“Lessons learned from being live in market,” Jetty cofounder and President Luke Cohler.

Theme 2018: maturation

Fabric cofounder and CEO Adam Erlebacher, “Where startups begin to gain traction and work toward meaningful scale”

Jetty cofounder and CEO Mike Rudoy, “A year of maturation where consumers’ trust in insurtechs deepens, cementing marketplace standing”

Next CEO Guy Goldstein, “Mistakes will have far bigger implications”

Slice CEO Tim Attia, “2018 will be all about proving that we can scale and build real businesses”

Metromile CEO Dan Preston, “Emerging winners will likely announce second or third rounds of capital”

Q. What was your company’s greatest 2017 achievement, and what is your greatest 2018 goal?

Fabric cofounder and CEO Adam Erlebacher, “Fabric launched in 43 states in one year”

Jetty cofounder and President Luke Cohler, “In 2017, our greatest achievement was validating our thesis and finding product market fit with renters and property managers. Our largest goal for 2018 is simple: expansion”

Metromile CEO Dan Preston, “Metromile’s biggest achievement in 2017 was the launch of AVA, our entirely automated claims process that uses AI to validate and automate claims. In 2018, we are excited to expand AVA to nearly all claims we handle”

Next CEO Guy Goldstein, “In 2017, we established our company foundation and core pillars, sold 10,000-plus policies and cracked the code on SMB insurance. Our goal for 2018 is to expand reach and accelerate our growth”

Slice CEO Tim Attia, “Our 2017 achievements included a Series A funding and Progressive partnership, but the largest was our homeshare product launch in nearly all 50 states. In 2018, we’ll expand our existing product, launch other on-demand products, go global and release our cloud-based offering”

Spruce cofounder and CEO Patrick Burns, “In one year, we went from serving homeowners and mortgage lenders in one state to 48 states. Our biggest goal for 2018 is to serve more customers, leveraging scale to drive down costs”

See also: Insurtech in 2018: Beyond Blockchain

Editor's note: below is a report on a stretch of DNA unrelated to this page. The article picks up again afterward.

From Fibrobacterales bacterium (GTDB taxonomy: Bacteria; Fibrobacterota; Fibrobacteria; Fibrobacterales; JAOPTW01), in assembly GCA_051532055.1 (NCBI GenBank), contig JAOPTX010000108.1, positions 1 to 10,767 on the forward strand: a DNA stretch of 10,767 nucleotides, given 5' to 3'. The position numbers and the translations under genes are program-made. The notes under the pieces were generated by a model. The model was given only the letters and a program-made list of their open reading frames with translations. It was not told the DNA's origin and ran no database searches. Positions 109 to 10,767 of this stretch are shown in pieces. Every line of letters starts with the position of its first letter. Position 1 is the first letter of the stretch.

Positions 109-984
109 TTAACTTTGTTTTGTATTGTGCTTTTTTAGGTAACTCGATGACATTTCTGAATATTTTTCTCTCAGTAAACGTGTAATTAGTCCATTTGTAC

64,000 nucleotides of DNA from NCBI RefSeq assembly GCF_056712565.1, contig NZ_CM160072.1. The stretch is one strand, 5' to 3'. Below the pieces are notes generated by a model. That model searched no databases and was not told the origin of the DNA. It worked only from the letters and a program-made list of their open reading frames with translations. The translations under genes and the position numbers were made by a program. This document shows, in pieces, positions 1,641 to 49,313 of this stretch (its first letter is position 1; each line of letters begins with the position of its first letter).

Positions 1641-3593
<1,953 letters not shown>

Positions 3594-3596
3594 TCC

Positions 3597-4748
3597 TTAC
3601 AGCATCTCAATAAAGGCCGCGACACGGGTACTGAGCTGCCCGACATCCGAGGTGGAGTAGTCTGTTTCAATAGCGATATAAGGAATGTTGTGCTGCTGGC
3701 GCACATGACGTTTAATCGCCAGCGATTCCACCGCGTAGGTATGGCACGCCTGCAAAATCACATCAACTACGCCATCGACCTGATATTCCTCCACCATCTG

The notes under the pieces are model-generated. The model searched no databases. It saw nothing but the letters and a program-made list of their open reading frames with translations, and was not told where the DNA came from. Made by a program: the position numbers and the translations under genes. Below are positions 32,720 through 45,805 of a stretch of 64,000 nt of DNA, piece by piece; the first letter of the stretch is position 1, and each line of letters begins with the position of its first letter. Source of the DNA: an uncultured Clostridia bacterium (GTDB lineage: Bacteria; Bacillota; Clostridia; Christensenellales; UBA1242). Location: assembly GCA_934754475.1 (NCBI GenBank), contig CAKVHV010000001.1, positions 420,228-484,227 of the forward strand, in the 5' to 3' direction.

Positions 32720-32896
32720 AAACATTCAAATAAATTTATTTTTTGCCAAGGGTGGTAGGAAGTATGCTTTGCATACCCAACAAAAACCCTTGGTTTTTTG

Q. What was your company’s greatest challenge in 2017; what do you anticipate as its greatest challenge in 2018?

Theme: 2017 challenges, validation

Slice CEO Tim Attia, “When re-imagining insurance, you truly have to re-imagine it. You have to forget everything you know and are used to and recreate the experience”

Jetty cofounder and CEO Mike Rudoy, “In 2017, we had to validate and fine tune our model and customer experience”

Metromile CEO Dan Preston, “Our big shift from MGA (agency) to full insurance company. It required the entire company (and more) to get it done.”

Theme: 2018 challenges, scale

Jetty cofounder and President Luke Cohler, “The challenges we face in 2018 will be associated with scale. New volumes of customers will require improving technical infrastructure, customer support functions and product experience”

Metromile CEO Dan Preston, “The biggest challenge will be managing growth while launching in new markets (as every market is very different!)”

Next CEO Guy Goldstein, “In 2018, our major challenge will be growing our offering from 20 classes of business to hundreds, while still maintaining excellent customer service”

Slice CEO Tim Attia, “2018 will be about scaling the company and executing, in ways that fit with what customers want”

Spruce cofounder & CEO Patrick Burns, “In 2018, we anticipate our biggest challenge will be hiring the highest-quality engineers and sales people as we continue to scale”

Q. What was a surprise to you in 2017?

Theme: Positive surprise at the intensity of consumer and partner buy-in to new insurtech options

Jetty cofounder and CEO Mike Rudoy, “We were genuinely surprised at the rapidity and size of buy-in from all types of consumers eager for better solutions and experiences that fit their lifestyle. This isn’t unique to Jetty but across the insurtech landscape”